The plowhorse economy keeps moving forward, but seems to have hit some clay. Improvement in the labor market remained tepid in June, suggesting the slowdown in job creation in the past few months may be more than just a hangover from an unusually mild winter, when job creation averaged 250,000 per month. Payrolls have expanded only 75,000 per month the past three months, 91,000 in the private sector.
One possibility is that some firms have been waiting for the Supreme Court ruling on health care, which could have given them clarity on the cost of hiring. However, with the Court letting the law stand, these firms now have to wait for the election, which means this headwind will remain in place.
However, much of the data in today’s report was better than the headline payroll number. Civilian employment, an alternative measure of jobs that includes small business start-ups, grew 128,000 in June and is up an average of 235,000 in the past year. This easily beats the average of 148,000 for nonfarm payrolls. Traditionally, when civilian employment grows faster than payrolls, payrolls tend to accelerate soon after.
Also, total hours worked hit a new high for the recovery and are up 2.1 percent versus a year ago. Combined with gains in average hourly earnings, total cash earnings (which do not include fringe benefits) are up 4.1 percent from a year ago. With consumer prices up only about 1.5 percent from a year ago, these wage gains mean workers have growing purchasing power.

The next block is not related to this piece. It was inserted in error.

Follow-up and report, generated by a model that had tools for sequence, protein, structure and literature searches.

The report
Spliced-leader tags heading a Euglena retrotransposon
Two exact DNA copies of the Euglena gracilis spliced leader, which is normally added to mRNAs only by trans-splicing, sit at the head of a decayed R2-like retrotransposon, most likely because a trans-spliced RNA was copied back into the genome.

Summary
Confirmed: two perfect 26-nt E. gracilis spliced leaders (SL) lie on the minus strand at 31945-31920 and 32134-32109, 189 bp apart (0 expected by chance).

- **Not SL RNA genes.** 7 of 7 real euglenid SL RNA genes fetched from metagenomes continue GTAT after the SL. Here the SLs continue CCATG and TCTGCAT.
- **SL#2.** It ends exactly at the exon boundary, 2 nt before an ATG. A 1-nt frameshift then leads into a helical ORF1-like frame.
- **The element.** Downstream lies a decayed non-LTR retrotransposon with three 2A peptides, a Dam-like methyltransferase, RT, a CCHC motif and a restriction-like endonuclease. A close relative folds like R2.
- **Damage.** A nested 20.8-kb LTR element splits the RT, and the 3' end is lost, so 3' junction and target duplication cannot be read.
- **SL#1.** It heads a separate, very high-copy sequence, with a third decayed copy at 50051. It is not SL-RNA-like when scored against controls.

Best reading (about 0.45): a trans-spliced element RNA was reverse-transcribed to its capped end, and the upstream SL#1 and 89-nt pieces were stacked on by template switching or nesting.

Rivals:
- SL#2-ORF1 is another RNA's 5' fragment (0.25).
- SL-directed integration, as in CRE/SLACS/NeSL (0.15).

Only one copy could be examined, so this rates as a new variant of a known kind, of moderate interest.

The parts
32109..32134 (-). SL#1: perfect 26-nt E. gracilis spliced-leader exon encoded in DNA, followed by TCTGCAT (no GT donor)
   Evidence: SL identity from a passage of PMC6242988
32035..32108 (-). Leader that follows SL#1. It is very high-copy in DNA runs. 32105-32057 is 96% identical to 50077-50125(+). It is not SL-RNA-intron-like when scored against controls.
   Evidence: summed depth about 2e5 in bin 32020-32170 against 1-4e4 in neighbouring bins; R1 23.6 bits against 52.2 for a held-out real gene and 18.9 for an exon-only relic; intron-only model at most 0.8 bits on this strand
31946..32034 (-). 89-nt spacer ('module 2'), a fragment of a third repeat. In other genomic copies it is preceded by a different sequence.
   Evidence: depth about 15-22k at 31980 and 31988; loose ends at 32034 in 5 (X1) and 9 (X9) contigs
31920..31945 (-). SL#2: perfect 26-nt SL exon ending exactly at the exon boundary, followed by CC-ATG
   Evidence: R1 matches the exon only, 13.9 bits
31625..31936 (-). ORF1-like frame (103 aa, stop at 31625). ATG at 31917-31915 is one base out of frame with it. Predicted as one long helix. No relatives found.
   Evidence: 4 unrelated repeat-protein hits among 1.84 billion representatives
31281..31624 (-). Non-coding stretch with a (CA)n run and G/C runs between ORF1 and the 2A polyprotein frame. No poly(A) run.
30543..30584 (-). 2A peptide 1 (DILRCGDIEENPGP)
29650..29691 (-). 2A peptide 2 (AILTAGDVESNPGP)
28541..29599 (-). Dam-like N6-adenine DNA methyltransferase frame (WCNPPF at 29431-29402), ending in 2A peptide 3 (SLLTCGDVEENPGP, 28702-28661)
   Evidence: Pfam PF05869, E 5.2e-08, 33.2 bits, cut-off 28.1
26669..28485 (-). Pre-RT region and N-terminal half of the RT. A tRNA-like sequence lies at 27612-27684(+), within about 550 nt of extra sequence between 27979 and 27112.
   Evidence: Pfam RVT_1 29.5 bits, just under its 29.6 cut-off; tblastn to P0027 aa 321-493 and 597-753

The unemployment rate stayed at 8.2 percent in June, with the labor force growing 156,000. In the past year, the labor force is up 1.5 million, while the unemployment rate has dropped 0.9 percentage points. The U-6 unemployment rate, which includes discouraged workers and part-time workers who say they want to work full-time, ticked up to 14.9 percent in June. Usually the U-6 unemployment rate is about 75 percent higher than the official unemployment rate. Right now it’s 82 percent higher, which is still within the normal historical range.
The bottom line is that there is plenty of information in today’s report to support anything from mild pessimism to mild optimism. Given loose monetary policy and a recovering — and labor-intensive — housing industry, payroll growth looks like it will pick up in the second half of the year.